The letters written by Piero Guicciardini in 1620 where he orderd his banker to pay the whole amount for the painting are the last certain element which proves that Gherardo was in Rome.
Antonio Natali in his book " Gherardo delle Notti, lacerti lirici" tried to describe the impressions of those who saw the painting set in the chancel of the Chapel of Santa Felicita in Florence: " Adorazione dei pastori a 'lume di notte', dunque; solo che qui a far 'lumè non è, come nell'invenzione del Pontormo per il "priore" del Galluzzo, la lanterna tenuta in mano da Giuseppe. Qui la luce è quella del Verbo incarnato. La luce cantata nel Prologo del Vangelo di Giovanni. La luce ch'è scesa in mezzo agli uomini: quella che gli uomini non capirono, preferendo rimanere nelle tenebre. Ma i pastori, quantunque umilissimi e ignari, accolsero senza indugio l'invito degli angeli a recarsi sul luogo della natività; e con la sapienza del cuore, che solo la Grazia è capace d'infondere, accolsero la novella d'un re nato nella povertà. Sui loro volti, difatti, nell'Adorazione di Gherardo, si riflette decisa e netta la luce che promanava proprio dal corpicino di Cristo: la Grazia li tocca; e loro, subito, credono. Lo stesso, a maggior ragione, càpita nel quadro a Maria e Giuseppe, che nella solitudine avevano accettato il peso d'un mistero, per entrambi, ancor più ostico.
(in this painting there is the light of the Word - the same as we read in the Prologue of St. John's Gospel. This is the light which men could not understand preferring to remain in the dark. But the humble shepherds welcomed the angel's request to go to the place where Jesus was born, They welcomed and accepted the idea of a king who was born in poverty. On their faces the clear light coming from Jesus body reflects: God's Love touched them and they immediately believed. The same happened to Mary and Josef who in their solitude had accepted the weight of a mystery difficult to understand for both of them.

In 1836, two centuries after the work had been set in the chapel of Santa Felicita, the director of the Uffizi Gallery, Ramirez di Montalvo, asked for the Adorazione dei pastori by Gherardo delle Notti to place it at the Uffizi. There are some documents which give evidence of the different steps of the purchase held by the person in charge of the Amministrazione Granducale from the Guicciardini Family.
From the second half of the nineteenth century the large painting became property of the Uffizzi Gallery which paid a large amount of money to purchase it. It remained there till 1993, just opposite the window which opened on Via dei Georgofili, the street where an evil plan of the Mafia brought destruction, pain and despair; the furious wind of an explosion broke over the painting almost destroying it. It was the night of May 27th 1993.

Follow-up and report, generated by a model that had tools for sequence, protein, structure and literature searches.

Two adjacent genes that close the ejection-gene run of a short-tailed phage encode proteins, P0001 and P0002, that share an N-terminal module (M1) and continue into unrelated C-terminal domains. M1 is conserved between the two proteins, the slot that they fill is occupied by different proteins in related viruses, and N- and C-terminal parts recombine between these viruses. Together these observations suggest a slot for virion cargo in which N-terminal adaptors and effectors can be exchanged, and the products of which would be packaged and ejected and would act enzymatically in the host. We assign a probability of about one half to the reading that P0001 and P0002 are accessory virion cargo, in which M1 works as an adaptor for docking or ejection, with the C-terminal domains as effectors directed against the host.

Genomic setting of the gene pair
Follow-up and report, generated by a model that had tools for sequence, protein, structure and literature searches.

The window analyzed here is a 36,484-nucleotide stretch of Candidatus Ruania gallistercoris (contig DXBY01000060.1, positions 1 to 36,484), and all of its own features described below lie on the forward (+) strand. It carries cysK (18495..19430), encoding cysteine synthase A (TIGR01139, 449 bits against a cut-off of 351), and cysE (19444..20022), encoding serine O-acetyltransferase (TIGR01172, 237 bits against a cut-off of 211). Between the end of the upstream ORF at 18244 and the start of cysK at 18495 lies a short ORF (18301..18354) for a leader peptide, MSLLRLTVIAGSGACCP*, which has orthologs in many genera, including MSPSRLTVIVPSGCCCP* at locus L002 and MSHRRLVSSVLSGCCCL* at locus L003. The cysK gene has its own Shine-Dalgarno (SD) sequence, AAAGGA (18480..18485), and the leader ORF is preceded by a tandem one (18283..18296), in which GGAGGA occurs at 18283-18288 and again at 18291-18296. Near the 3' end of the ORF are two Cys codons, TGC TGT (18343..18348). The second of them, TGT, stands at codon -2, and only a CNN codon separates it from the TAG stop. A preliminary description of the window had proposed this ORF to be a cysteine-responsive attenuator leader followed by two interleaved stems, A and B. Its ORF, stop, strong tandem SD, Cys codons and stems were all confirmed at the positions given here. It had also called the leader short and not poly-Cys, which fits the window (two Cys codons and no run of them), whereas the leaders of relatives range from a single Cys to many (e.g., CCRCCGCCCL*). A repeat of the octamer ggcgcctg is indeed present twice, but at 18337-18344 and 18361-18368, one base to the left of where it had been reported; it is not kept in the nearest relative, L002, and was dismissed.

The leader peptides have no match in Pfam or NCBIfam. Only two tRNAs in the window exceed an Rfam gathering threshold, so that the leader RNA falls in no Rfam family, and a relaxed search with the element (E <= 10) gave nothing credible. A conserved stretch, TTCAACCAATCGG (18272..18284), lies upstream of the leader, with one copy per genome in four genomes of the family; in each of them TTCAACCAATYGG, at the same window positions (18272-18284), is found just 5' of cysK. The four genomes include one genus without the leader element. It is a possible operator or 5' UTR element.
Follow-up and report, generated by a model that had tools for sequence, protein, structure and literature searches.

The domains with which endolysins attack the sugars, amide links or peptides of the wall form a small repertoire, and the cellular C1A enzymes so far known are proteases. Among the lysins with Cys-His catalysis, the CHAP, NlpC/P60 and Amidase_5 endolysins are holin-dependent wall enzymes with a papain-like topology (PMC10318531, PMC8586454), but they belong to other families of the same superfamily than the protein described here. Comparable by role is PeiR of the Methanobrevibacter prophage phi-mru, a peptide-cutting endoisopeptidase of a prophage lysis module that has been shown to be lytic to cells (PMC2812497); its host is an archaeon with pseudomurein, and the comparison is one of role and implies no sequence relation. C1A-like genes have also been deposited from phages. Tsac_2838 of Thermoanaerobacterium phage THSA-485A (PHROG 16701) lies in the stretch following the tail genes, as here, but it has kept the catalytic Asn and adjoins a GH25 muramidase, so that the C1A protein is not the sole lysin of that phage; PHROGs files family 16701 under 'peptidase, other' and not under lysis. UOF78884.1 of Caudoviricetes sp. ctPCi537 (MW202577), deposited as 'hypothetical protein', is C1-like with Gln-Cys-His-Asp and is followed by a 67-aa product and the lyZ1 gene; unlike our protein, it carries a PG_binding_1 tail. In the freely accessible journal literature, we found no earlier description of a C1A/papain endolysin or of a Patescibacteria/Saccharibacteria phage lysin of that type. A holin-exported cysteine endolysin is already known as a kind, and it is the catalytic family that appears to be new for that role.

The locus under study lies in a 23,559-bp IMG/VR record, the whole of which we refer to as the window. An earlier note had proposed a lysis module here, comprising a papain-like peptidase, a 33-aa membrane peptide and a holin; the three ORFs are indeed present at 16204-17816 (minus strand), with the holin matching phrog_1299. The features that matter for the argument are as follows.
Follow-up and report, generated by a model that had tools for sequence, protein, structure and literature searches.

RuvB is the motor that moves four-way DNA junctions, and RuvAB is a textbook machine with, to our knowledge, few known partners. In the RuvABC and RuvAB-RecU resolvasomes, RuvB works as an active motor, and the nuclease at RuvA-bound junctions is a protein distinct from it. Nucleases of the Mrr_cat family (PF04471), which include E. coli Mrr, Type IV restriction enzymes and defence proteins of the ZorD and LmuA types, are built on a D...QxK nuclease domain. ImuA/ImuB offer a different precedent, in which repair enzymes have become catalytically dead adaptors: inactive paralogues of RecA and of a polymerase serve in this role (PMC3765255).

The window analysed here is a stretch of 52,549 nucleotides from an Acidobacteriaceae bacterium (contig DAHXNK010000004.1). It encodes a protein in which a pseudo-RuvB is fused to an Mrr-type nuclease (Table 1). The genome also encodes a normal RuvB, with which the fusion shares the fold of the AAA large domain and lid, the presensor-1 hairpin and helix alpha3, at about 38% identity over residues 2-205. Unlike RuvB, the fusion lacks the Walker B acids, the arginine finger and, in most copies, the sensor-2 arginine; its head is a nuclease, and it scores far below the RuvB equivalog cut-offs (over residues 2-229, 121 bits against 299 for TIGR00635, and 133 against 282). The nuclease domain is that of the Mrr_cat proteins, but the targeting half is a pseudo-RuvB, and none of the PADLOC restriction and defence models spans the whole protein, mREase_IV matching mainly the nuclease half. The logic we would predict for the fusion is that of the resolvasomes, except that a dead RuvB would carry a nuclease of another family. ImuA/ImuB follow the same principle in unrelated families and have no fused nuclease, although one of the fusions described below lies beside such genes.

On the following day, in the morning, the painting was laid as a mortal remain and packed. The transparent panel revealed confused figures and traces of colours which were to be restored. The restoration of the painting seemed a moral duty to help keep the memory of those tragic events for the future generations ("the vital light you are going to paint one day will be spoilt by a man's hand but it will never fade away, it will be a moral warning and a proof of the double nature of the human being, which is destructive and loving at the same time, which can heal the wounds caused by itself"
During the following months many restorers of different generations worked together to recuperate the damaged painting. Once they established a restoration was possible, even if a partial one, they unanimously decided that the future location of the painting was to be the original place: the main chapel of Santa Felicita ( "Every work has it place and every man his fate"), where Piero Guicciardini wanted it to be placed, trusting a young Dutch painter who made of his vision a prophetic master piece and a thought of love.

This is one of the many tales which belongs to the myth of the Locanda as it was told to the Viani family on the day they bought this house in 1968. The people who stayed in this house left here a piece of their hearts; at the same time, this place often worked small miracles in the lives of the persons who stayed here. This is the reason why we decided to run the Locanda and continue the long-lasting tradition of this house, which has welcomed and is still welcoming with devotion all the guests who want to spend their holidays in this unspoilt peaceful paradise.

Today the painter Roberto Viani, his wife Paola and his son Cesare make their splendid Locanda available to those people who wish to discover places and traditions of their beloved Tuscany with the help of a good friend on the spot.